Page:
Posthumous storage and use of sperm and embryos: survey of opinion of treatment centresBMJ 1996; 313 doi: https://doi.org/10.1136/bmj.313.7048.24 (Published 06 July 1996) Cite this as: BMJ 1996;313:24
- Elizabeth Corrigan, nurse-managera,
- S Elizabeth Mumford, lecturerb,
- M G R Hull, professor of reproductive medicine and surgerya
- aCentre for Reproductive Medicine, University of Bristol, Department of Obstetrics and Gynaecology, St Michael's Hospital, Bristol BS2 8EG
- bDepartment of Law, University of Bristol, Bristol BS8 1RT
- Correspondence to: Professor Hull.
- Accepted 19 January 1996
The ability to freeze-store the semen of men who are about to undergo treatment that will sterilise them or to store extra embryos resulting from in vitro fertilisation poses special ethical dilemmas. These include a woman's request to conceive a child after the death of her husband and a man's to have embryos carried by a surrogate mother if his wife has died (storage of unfertilised oocytes is not yet practicable). The issues are complex.1
We see that the desire for posthumous conception is a loving expression in memory of the lost spouse, but the offspring has no such memory. In our centre we therefore refuse posthumous treatment and require patients to consent to this policy in advance of storage of sperm or embryos. Circulated guidance from the Human Fertilisation and Embryology Authority, however, disallows our policy or requires that gametes and embryos be moved to a centre willing to use them after the death of either progenitor (CH/94/9, September 1994). Yet the authority's interpretation of the law is not the only one possible. It would help to know the views of society at large and of interested groups. As a first step, we questioned licensed treatment centres about their views on such posthumous storage and use.
Methods and results
In 1995, 117 centres were licensed for treatment in the United Kingdom, including 106 licensed to store embryos or sperm (44 sperm alone, two embryos alone, and 60 both). All centres were sent a postal questionnaire and a second request if necessary. Several of the centres that were not licensed for storage assumed that they were not qualified to answer questions on posthumous treatment, so only the responses of the 106 storage centres were analysed. Of these, 77 (73%) replied. The responses to questions on sperm and embryos were treated separately because in a few cases views differed about their posthumous use (table 1). Of those replying, 56 centres (74%) agreed to posthumous use of either sperm or embryos, but 27 of them (48%) did so with qualifying restrictions, which included good advance counselling, fully informed consent, and approval by an independent ethics committee. Three centres agreed to posthumous use only to produce a sibling for an existing child.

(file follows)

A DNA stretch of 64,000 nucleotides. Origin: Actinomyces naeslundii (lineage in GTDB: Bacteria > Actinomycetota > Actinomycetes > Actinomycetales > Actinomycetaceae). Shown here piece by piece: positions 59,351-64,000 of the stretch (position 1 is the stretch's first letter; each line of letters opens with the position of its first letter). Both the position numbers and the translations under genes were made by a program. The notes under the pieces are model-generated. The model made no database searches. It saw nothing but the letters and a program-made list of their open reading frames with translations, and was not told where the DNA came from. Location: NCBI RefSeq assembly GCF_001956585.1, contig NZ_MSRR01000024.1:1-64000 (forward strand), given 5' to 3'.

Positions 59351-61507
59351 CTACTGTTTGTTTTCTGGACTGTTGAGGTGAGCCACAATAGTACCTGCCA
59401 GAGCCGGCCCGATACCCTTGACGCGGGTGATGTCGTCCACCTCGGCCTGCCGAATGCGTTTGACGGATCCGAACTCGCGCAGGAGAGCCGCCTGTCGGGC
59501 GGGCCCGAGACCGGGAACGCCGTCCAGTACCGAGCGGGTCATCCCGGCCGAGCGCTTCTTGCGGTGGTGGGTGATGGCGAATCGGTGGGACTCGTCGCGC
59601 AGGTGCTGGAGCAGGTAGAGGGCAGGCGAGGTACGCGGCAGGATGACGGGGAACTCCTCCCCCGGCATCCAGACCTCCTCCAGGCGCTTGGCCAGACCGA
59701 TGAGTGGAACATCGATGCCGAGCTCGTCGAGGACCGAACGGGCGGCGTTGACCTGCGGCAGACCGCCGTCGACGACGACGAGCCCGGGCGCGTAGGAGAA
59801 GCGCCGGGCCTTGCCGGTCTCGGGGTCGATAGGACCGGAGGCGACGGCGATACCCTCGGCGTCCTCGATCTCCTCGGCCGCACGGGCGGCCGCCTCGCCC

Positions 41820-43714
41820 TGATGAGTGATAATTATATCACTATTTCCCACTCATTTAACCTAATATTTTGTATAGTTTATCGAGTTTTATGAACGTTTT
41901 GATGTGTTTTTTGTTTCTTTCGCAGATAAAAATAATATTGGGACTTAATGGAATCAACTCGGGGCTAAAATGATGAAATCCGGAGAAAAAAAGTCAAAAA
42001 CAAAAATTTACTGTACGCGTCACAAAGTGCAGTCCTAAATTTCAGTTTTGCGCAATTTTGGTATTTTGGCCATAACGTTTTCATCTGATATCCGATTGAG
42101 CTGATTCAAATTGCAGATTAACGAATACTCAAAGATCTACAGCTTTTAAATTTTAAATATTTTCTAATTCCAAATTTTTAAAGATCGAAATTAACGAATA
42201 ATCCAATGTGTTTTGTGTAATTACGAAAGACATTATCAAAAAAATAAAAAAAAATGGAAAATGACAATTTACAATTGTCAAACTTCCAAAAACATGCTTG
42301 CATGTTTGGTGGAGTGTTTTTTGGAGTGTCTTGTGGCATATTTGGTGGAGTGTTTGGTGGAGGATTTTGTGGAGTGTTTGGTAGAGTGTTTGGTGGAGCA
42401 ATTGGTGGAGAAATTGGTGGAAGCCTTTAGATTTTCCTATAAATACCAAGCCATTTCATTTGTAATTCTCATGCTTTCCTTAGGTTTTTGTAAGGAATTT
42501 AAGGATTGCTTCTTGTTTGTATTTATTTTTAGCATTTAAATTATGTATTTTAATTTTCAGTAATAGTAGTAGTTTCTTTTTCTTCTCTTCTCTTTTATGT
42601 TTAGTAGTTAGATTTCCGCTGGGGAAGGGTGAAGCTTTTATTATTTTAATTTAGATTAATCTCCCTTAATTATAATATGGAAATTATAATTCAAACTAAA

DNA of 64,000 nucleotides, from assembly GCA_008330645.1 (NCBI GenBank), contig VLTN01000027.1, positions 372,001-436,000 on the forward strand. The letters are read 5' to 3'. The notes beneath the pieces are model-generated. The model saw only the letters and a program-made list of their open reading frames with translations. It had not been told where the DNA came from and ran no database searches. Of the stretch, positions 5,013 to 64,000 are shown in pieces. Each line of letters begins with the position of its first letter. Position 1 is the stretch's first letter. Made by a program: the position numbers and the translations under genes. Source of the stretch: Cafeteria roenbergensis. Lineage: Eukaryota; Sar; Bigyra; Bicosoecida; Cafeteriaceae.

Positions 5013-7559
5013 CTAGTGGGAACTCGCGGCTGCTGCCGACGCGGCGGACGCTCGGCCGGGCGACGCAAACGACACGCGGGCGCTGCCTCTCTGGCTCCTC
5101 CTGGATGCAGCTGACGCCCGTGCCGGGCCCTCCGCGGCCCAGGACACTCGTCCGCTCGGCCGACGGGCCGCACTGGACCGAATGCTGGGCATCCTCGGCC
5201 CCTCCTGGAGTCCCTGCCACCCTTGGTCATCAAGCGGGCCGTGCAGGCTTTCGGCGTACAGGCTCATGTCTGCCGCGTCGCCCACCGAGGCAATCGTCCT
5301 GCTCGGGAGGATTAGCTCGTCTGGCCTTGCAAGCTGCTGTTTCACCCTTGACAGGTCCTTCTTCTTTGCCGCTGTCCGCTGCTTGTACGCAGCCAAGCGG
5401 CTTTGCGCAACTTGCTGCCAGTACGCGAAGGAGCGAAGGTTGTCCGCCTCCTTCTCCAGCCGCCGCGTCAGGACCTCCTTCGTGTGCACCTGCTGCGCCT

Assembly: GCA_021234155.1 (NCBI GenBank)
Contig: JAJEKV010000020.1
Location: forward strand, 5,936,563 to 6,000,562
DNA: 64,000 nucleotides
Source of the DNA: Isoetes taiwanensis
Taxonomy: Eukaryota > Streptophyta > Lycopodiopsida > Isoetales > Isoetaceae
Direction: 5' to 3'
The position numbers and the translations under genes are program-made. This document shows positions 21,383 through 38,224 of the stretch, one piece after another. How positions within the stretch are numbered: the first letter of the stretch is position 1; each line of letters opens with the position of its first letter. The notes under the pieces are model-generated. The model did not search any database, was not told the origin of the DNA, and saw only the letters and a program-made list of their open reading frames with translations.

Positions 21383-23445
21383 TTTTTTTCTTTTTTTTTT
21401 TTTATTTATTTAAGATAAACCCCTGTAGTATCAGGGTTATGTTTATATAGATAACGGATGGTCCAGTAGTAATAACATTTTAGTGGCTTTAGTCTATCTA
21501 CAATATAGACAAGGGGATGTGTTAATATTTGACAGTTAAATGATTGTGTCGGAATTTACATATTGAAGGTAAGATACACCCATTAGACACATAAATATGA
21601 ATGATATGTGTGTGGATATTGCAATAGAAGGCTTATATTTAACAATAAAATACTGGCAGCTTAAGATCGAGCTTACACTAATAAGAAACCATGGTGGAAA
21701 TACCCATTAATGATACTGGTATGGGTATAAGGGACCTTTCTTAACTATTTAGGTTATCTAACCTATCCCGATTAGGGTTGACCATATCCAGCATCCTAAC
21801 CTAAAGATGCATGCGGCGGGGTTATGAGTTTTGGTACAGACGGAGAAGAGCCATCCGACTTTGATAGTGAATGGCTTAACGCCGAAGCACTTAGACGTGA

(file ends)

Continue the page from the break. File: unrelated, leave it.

More than a third of the centres licensed to store sperm or embryos were opposed to posthumous use; about a fifth were also opposed to transferring stored sperm or embryos to another centre for such use. Even if the centres not responding to our survey all took a contrary view, a substantial minority believes it wrong to assist in the conception of a child after the death of a progenitor or to participate in such assistance by cooperating with a more liberal centre.
The Human Fertilisation and Embryology Act 1990 requires that “consent to the storage of any gametes or any embryo must…state what is to be done with the gametes if the person who gave the consent dies.” We interpret that as permitting posthumous transfer, but not as making such transfer mandatory for treatment centres at the request of the surviving partner.
The act allows staff to abstain on conscientious grounds, and it does not oblige those who abstain to refer patients and transfer gametes or embryos to others with different views. It also requires centres to take account of “the welfare of any child who may be born as the result of…treatment (including the need of that child for a father).” The published code of practice of the licensing authority adds that in considering the welfare of a future child “centres should avoid adopting any policy or criteria which may appear arbitrary or discriminatory.”2 Arguably, such arbitrariness is less when centres act on a predetermined policy than when they choose later to act variably in each case. The original report of the Warnock committee, on which the 1990 act was based, “actively discouraged” posthumous treatment.3 We agree with that but seek clarification of the law and the wider views of society, patients, and the medical profession.
We thank all the licensed centres that responded to our survey.
Conflict of interest None.